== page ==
We get it…paddleboarding is not a cheap sport to get involved with. The boards are expensive and so are the paddles. But when you think about it…those are really the only two expenses you have with paddleboarding. Yes, a leash and PFD are necessities, but many people have PFDs from other pursuits (just make sure they are USCG approved for SUP) and a leash is a modest $30-$35 expense that will be invaluable if you ever actually need it.
The temptation to purchase a cheap paddleboard is more than many people can handle. There are a variety of reasons why it’s so tempting including:
- You just don’t want to (or can’t) spend the money on a good quality board
- A whole bunch of people will be using the board, and no one takes care of your stuff like you do
- You are new to the sport and don’t really know how much of a difference there is between cheap boards and quality boards
We get that too. I grew up on a lake and know how it was to have all of the toys there to be used by family and friends all the time. And some people are more careful than others. And it’s hard when you are just getting into a sport to know how much you really need to spend and what the most important factors are in determining where to put your money.
Here are your options if you are looking for inexpensive boards
- Plastic boards…these are basically like kayak construction. We get comments all the time about how little someone paid for their kayak. Paddleboards are not kayaks. Plastic paddleboards are heavy and are not nimble at all. They take a lot to get going and they are very sluggish to turn, they also don’t usually track very straight. However, they are incredibly durable. They are very tough to damage.
- “Foamies”- these are basically EPS foam cores with plastic bottoms and a cover made of pool noodle material. These boards are soft underfoot, will take somewhat of a beating, and are generally built to be very stable. Since they are built for stability, they can be good for pursuits like yoga, or for people just starting out who aren’t real confident in their balance. The drawback of these is the construction…they are not particularly well made. They are often held together by little more than double stick tape, and they are very subject to pressure denting. They are also utilitarian. They willnot be particularly quick or nimble on the water either, but they will get you from point A to point B.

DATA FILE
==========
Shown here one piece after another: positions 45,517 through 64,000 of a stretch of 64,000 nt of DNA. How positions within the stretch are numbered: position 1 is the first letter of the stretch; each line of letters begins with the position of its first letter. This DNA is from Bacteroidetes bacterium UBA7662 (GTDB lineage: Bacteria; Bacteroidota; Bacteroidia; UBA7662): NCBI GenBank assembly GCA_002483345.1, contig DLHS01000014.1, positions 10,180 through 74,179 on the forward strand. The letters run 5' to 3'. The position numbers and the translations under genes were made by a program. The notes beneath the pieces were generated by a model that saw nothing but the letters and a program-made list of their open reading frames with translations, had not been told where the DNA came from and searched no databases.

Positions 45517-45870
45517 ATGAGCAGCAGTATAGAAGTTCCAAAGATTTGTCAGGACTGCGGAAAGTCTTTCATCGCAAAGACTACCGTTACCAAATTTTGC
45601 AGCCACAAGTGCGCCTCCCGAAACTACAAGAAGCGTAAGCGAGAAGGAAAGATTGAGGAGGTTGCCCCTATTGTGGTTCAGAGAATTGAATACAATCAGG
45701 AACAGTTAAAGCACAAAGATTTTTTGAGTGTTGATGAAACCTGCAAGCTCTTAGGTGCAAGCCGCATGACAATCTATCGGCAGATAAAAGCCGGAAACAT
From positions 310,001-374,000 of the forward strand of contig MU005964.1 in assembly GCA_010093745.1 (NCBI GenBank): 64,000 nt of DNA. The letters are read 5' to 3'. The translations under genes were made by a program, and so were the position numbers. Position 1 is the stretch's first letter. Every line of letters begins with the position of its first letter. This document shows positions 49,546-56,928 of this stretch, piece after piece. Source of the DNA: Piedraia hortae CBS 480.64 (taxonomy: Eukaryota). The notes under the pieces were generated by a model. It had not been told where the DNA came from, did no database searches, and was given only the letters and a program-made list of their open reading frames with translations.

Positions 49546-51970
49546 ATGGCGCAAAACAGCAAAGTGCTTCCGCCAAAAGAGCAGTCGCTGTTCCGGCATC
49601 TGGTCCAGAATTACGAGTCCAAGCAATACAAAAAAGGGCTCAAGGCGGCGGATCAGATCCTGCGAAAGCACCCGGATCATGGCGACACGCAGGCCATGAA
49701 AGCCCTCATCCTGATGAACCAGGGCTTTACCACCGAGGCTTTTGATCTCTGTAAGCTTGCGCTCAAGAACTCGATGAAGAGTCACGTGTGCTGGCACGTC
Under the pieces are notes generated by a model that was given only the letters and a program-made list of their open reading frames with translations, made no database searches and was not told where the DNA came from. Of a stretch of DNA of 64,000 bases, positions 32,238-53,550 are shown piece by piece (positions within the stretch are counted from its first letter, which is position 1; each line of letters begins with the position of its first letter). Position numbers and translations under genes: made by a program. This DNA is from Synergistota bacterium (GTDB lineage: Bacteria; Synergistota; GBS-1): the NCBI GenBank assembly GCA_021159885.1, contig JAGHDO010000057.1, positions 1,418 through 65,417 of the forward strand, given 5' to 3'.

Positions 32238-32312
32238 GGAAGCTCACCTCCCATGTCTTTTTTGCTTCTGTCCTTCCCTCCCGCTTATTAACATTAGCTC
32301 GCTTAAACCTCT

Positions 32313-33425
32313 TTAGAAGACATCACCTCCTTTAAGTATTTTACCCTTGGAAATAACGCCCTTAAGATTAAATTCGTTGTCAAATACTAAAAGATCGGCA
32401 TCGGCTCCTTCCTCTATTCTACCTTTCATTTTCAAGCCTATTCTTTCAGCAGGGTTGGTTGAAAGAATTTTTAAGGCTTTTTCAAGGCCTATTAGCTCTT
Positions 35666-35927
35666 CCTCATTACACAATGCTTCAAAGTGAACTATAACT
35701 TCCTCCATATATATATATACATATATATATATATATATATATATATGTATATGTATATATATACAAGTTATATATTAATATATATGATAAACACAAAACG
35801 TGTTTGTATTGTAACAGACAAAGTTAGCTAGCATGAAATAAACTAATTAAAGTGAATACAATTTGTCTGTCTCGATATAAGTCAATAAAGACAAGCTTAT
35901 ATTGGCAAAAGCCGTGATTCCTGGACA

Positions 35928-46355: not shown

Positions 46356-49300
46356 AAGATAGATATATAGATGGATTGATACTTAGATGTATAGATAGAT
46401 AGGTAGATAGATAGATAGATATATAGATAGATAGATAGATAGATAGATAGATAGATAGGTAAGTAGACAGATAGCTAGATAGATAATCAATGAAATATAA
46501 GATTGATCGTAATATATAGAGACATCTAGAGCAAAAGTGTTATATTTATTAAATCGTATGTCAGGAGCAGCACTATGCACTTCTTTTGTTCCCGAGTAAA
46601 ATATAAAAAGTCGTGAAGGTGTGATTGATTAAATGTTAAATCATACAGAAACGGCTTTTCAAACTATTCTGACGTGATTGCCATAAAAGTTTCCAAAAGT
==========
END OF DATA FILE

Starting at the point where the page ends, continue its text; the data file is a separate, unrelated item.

photo from westmarine.com
- Some Inflatables. Not all inflatables are created equal, and you usually get what you pay for when it comes to these. Inflatable boards (as the name implies) get pumped up with air and pack down to the size of a piece of luggage when not in use. If you get an inexpensive inflatable paddleboard, it will not be constructed to accept enough psi to make it rigid. Any board that accepts less than 18 psi will likely feel similar to a raft made out of pool noodles strapped together. These tolerate bumps and dings incredibly well. But lesser quality inflatables, in addition to being bouncy when you paddle and lacking stability, can bulge oddly once inflated and can have weak spots at seams if over-inflated.